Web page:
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Bullet Journaling 101! Things to Know About Bullet Journaling Before You Get Started

In the age of digital planners and productivity apps, there's something deeply satisfying about putting pen to paper and organizing your life with a bullet journal. Created by Ryder Carroll, the bullet journaling system has taken the world by storm, offering a customizable and flexible method for tracking tasks, goals, and memories. If you're new to bullet journaling and eager to dive in, this guide will walk you through the basics, helping you embark on your journey to organized bliss.

What is Bullet Journaling?

At its core, bullet journaling is a method of organizing your life using a notebook and a system of symbols and structures. It's part planner, part journal, and part to-do list, allowing you to keep track of tasks, events, goals, and more—all in one place. The beauty of bullet journaling lies in its flexibility; you can customize it to suit your needs and preferences, making it as simple or as elaborate as you like.

Getting Started: The Essentials

1. Choose Your Tools: The only essential tools you need for bullet journaling are a notebook and a pen. Look for a notebook with dot grid or blank pages, as these provide more flexibility than traditional lined paper. You also want to aim for a notebook with high-quality paper, as that is less likely to bleed and will be more durable. Some great options are the Official Bullet Journal by Leuchtturm1917, Midori Notebooks, and the Stalogy 018 Editor's Series - 365 Days. All our official recommendations (that we currently carry) are in our Bullet Journaling Essentials collection. 

As for pens, opt for ones that won't bleed through the pages and feel comfortable to write with. The various notebooks we carry have high quality paper that are bleed resistant so that opens up your options for your perfect pen (or pens). Many fans of bullet journaling have multiple pens, typically one brush or larger tipped for headings/lettering, coloured pens for colour-coding, and fine tipped for writing.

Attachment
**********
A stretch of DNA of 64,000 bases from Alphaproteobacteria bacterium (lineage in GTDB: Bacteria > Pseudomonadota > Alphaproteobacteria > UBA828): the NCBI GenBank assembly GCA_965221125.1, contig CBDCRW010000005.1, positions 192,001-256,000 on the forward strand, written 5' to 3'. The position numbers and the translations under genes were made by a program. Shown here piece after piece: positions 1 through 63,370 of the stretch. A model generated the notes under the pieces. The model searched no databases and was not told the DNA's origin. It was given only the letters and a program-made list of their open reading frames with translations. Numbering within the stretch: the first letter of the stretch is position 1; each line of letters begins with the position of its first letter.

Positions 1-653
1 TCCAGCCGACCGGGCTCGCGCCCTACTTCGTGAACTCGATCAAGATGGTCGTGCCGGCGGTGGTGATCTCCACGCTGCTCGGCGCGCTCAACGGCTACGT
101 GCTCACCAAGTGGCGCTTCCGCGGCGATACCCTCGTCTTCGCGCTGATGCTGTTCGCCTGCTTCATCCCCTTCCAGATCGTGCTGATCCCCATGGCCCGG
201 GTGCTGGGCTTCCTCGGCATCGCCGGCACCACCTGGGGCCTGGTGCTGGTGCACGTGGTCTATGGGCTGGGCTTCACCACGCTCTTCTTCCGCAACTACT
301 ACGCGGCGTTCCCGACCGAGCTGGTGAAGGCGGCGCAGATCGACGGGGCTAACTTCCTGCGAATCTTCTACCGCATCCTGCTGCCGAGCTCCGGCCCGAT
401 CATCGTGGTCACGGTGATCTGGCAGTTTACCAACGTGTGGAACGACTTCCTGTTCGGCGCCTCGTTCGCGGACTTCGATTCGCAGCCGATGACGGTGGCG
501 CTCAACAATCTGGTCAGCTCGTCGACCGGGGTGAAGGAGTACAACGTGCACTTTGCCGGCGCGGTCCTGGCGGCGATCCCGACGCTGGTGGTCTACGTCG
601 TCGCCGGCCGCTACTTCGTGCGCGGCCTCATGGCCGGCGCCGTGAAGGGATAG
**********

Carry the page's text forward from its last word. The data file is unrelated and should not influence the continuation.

2. Set Up Your Journal: Start by numbering the pages of your notebook (if it does not come numbered) to create an index. This will help you keep track of your collections and reference them later. Then, designate a few pages for your key—a legend of symbols you'll use to denote tasks, events, notes, and more. If purchasing the official Bullet Journal by Leuchtturm1917 (or any Leuchtturm notebook), this step is not necessary.  

3. Create Collections: Bullet journaling revolves around collections—themed lists or spreads that help you organize different aspects of your life. Common collections include monthly calendars, habit trackers, to-do lists, goal pages, and gratitude logs. Feel free to get creative and tailor your collections to your own needs and interests.

The Bullet Journaling Method

Now that you've set up your journal, it's time to dive into the bullet journaling method itself. Here's a brief overview of how it works:
  • Rapid Logging: The heart of bullet journaling is rapid logging, a system of using short, bulleted entries to jot down tasks, events, and notes. Each entry starts with a bullet point, which you can then modify with symbols to indicate the task's status (e.g., a dot for a task, an "X" for completed, ">" for migrated to another day).
  • Migration: At the end of each day or month, review your tasks and decide whether to complete, migrate, or delete them. Migrating a task simply means moving it forward to another day or month if it's still relevant.
  • Monthly, Weekly, and Daily Logs: In addition to collections, you might bw interested to include monthly, weekly, and daily logs. These spreads help you plan and organize your time on different scales, from overarching goals for the month to daily to-do lists.

Tips for Success

  1. Keep It Simple: Bullet journaling can be as elaborate or minimalist as you like, but remember that simplicity often leads to greater effectiveness. Start with basic spreads and symbols, and add complexity as needed
  2. Consistency Is Key: Make a habit of reviewing and updating your bullet journal regularly. Set aside time each day or week to plan your tasks and events, migrate unfinished tasks, and reflect on your progress.
  3. Don't Be Afraid to Experiment: One of the joys of bullet journaling is the freedom to experiment and find what works best for you. Don't hesitate to try out new layouts, symbols, or collections until you find a system that feels intuitive and effective.

Final Thoughts

Bullet journaling is more than just a productivity tool—it's a creative outlet, a mindfulness practice, and a way to bring more intention and organization into your life. At the end of the day, the tips and steps don't matter. Bullet journaling is the freedom to express yourself and your life, however you please. Whether you're a seasoned planner or a complete beginner, you should embark on your journey to organized bliss with bullet journaling. Your future self will thank you for it 😉

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